Well-Crafted Assistive Technology Often Delivers Benefits In Unexpected Ways
- Making tools available to as much of the student population as possible benefits those who may not typically seek help through AT programs.
- Broadly deploying AT can be an effective recruiting tool for students who may need additional help but do not always self-identify as having a disability.
“We essentially make sure that students with disabilities here at George Mason University have equivalent access to all the technology resources used at the school.”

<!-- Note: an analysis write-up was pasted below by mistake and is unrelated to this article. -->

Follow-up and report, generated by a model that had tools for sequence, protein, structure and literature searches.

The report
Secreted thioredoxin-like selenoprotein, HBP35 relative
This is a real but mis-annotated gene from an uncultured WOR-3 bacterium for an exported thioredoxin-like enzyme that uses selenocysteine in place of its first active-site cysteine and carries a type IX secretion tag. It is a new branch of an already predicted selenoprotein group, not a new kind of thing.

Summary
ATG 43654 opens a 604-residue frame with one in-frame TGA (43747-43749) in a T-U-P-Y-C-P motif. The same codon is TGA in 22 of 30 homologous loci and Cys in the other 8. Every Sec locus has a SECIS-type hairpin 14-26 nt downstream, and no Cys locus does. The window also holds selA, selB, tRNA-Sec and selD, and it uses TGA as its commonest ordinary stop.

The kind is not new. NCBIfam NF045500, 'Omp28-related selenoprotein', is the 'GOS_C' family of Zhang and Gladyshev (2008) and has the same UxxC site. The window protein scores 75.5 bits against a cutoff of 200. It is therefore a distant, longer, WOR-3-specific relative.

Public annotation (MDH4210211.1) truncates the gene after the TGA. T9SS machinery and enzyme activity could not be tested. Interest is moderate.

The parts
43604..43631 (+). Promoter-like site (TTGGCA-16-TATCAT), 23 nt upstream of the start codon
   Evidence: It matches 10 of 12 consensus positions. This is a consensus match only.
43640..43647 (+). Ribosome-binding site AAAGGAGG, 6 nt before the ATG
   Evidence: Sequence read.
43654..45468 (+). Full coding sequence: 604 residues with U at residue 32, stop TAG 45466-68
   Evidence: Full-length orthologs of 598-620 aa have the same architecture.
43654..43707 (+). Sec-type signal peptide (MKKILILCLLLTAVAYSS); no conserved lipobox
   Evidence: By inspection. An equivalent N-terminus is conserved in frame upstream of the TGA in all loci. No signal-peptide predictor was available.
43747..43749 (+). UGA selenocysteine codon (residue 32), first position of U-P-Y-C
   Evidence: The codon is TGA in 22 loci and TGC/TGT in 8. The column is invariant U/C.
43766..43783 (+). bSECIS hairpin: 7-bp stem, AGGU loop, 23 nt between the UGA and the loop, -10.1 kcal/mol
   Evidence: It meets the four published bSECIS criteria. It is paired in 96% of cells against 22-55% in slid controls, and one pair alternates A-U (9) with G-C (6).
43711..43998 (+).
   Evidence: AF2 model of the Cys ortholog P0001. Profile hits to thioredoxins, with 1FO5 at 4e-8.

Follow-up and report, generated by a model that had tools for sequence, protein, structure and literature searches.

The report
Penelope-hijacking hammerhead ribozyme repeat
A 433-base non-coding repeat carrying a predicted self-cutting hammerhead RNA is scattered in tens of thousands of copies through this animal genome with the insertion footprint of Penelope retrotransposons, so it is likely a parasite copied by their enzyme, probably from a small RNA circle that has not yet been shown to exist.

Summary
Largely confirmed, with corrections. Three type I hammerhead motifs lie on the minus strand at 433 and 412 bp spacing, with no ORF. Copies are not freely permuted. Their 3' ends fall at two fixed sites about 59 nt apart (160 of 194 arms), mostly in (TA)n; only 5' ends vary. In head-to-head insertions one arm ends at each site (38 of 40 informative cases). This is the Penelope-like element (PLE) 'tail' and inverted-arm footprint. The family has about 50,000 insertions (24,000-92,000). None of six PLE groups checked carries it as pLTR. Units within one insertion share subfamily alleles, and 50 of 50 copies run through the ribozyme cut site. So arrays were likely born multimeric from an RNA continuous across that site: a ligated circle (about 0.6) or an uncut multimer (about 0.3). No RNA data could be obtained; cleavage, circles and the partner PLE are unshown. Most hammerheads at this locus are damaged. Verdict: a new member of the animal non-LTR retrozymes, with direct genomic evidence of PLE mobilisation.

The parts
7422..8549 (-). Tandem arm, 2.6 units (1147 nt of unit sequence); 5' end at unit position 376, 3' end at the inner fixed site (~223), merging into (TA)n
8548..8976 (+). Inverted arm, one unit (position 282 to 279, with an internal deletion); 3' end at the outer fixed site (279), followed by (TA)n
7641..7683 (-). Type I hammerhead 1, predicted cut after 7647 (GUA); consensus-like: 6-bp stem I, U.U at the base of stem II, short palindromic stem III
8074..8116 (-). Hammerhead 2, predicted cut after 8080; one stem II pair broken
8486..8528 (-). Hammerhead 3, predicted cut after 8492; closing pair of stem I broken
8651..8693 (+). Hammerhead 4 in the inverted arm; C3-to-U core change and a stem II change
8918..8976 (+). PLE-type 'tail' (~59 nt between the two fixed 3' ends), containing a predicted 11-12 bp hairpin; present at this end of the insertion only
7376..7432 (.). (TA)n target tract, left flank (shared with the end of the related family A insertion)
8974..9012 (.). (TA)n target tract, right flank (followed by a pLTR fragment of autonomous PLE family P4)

Korey Singleton is an assistive technology (AT) specialist who has broad experience helping students with all levels of disability, especially those with visual impairments. From his post managing AT services at George Mason University in Washington, D.C., he has collaborated with interdisciplinary teams to provide specific solutions for students, staff, and faculty who need worksite modifications, classroom accommodations, and other technology solutions. Helping students with known disabilities can be rewarding, but Singleton has recently noticed that when made more widely available, some AT is being used by students who may not traditionally seek help but have need nonetheless.